The purpose of education is to prepare an individual to reach their highest potential – to flourish. One characteristic of this philosophy is the idea that the student should be capable of independence. Individual autonomy promotes the critical capacity to make good decisions, independent of the beliefs of a group or religion. Home schooling may cover the curriculum of a pragmatist philosophy on education, but does it truly create individual autonomy independent of any religious or social biases?
Children who are educated in the home or in small groups under a religious doctrine (ex. Amish) are at greater risk of misrepresenting their view of autonomy. A student who is home schooled by their parents may receive a high-quality education similar to that set out by the state. However, a large portion of their education in social interaction may go unlearned. This subtle, yet extremely important, piece of the education puzzle could have severe repercussions for a home schooled student later in life.
In On Education, Brighouse argues that true autonomy involves the ability to determine one’s own values. In home schooled situations, values may be imposed directly, or indirectly, limiting a child’s ability to decide their own views. For example, an Amish child may grow up to misrepresent modern social values as ‘evil’ or ‘ungodly’ simply because they had Amish values imposed on them from an early age. High attrition rates by young Amish are a great example of what can result when autonomy is not a primary focus of education.
As an educator it is important to understand that a single-focused education in any area of schooling can lead to the development of homogeneous beliefs. It isn’t a teacher’s job to expose children to every possible religious or educational view. However, it is necessary to guide students to understand that the concept of choice is essential in the idea of individual autonomy.
Teachers must promote critical thinking skills in all aspects of school. It is also essential to promote social interaction among students so that individual views and experiences can be shared. The idea that thinking critically about their own beliefs while taking into account the views of others, is essential in developing autonomy. A home schooled student would not have the luxury of social interaction with various view points and could disagree with or oppress other peoples viewpoints in social interaction.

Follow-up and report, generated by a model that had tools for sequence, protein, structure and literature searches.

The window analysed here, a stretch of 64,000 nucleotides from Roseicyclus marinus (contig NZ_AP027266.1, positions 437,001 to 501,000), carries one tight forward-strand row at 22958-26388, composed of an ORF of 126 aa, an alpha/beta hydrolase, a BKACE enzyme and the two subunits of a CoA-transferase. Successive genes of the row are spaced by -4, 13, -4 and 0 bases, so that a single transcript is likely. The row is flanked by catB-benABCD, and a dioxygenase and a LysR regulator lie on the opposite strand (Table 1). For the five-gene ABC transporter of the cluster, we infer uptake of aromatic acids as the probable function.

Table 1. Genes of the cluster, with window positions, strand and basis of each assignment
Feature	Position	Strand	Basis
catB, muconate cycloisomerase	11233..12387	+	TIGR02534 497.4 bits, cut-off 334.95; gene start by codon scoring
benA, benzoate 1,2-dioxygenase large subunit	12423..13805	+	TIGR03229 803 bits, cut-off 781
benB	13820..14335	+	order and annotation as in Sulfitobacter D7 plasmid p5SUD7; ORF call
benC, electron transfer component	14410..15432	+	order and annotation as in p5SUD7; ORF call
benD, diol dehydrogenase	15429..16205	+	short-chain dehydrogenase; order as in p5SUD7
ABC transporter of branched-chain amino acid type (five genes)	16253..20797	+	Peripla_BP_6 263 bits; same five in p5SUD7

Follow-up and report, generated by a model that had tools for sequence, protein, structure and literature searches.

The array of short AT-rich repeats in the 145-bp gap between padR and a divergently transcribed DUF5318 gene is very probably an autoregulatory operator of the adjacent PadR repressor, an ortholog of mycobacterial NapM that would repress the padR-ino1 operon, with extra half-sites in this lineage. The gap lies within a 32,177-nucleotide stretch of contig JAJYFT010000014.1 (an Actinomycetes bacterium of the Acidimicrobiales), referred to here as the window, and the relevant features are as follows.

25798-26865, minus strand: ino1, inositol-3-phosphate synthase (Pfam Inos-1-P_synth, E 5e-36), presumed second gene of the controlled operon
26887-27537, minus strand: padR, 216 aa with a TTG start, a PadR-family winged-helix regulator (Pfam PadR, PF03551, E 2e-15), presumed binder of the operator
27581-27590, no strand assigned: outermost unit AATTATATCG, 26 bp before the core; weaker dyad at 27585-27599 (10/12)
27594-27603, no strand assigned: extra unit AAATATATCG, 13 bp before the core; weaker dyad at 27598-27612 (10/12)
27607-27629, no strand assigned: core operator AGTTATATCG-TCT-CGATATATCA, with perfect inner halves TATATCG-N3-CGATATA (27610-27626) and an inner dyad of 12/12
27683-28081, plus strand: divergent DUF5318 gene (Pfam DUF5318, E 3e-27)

The philosopher Daniel Dennett argues that in the case of religion, children should be taught the history and beliefs of all religions. Then they should be allowed to make decisions without the influence of parents, teachers or religious leaders. In his book, Breaking the Spell, Dennett states that religious indoctrination can poison all of society. Although his thesis is religiously based, it certainly applies to the concept of schooling and autonomy. Children should be allowed to explore many different belief systems, viewpoints and religions and be given the ability to decide a value system for themselves. This is an ideal theory and difficult to represent in the real world because almost certainly everyone will be influenced by someone and in the case of children, they receive the strongest influence from their parents. However, the idea that a teacher can foster children to witness different viewpoints is essential in the development of autonomy.
Home schooling is a moral issue that deals with a student’s ability to function as an autonomous member of society. Although publicly schooled and home schooled students may share the same skill set, the home schooled child may lag in social maturity. This social education is a key element to become truly autonomous. Without it, a student my not be able to flourish.